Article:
May 2012

Volume 21, Number 5

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EPA: New Coal Plants Must Limit Greenhouse Gases

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By Erin Weaver

Releasing more than 1,700 pounds of carbon dioxide for every MWh of electricity produced, coal-fired power plants account for nearly 40% of U.S. carbon pollution. While some states limit this pollution, there are no federal carbon emissions standards for power plants. A new standard proposed by the U.S. Environmental Protection Agency (EPA) would limit new plants’ CO2 emissions to 1,000 pounds per MWh. Existing power plants are unaffected, as are any under construction in the next year.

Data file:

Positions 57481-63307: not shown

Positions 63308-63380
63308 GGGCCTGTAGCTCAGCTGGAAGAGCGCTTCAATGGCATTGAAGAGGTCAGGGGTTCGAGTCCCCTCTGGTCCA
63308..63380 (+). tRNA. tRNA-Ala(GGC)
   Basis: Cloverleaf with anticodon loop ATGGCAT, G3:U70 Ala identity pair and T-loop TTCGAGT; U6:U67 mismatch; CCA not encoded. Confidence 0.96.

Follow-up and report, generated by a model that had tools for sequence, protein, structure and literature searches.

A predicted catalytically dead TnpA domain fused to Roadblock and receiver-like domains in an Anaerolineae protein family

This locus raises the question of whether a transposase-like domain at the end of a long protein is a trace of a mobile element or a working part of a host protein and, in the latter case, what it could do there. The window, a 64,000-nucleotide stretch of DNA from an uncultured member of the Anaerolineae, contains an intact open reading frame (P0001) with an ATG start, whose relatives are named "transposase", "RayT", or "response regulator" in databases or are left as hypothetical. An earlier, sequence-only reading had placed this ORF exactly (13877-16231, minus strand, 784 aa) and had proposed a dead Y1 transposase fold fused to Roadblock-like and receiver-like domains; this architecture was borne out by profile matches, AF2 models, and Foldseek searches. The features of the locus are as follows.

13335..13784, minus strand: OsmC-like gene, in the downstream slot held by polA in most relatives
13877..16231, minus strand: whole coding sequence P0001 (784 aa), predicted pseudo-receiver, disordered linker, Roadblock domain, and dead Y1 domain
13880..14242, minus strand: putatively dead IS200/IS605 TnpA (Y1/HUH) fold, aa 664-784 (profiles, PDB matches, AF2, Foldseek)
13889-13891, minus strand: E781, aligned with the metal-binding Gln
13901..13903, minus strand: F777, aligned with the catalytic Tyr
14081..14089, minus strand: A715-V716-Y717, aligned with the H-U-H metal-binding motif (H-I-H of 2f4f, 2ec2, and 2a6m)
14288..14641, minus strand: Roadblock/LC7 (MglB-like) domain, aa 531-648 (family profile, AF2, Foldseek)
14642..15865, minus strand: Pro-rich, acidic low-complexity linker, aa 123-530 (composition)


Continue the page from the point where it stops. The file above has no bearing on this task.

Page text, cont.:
Coal produces about half of the country’s electricity while creating 80% of total CO2 emissions from U.S. power generation. Most natural gas plants already meet the new standard; EPA calls natural gas combustion “the technology of choice for new and planned power plants.” Anticipated since the U.S. Supreme Court ruled that greenhouse gases fall under the Clean Air Act (see “EPA Declares Greenhouse Gases a Threat to Humans,” EBN Jan. 2010), the regulations are subject to public comment.

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April 30, 2012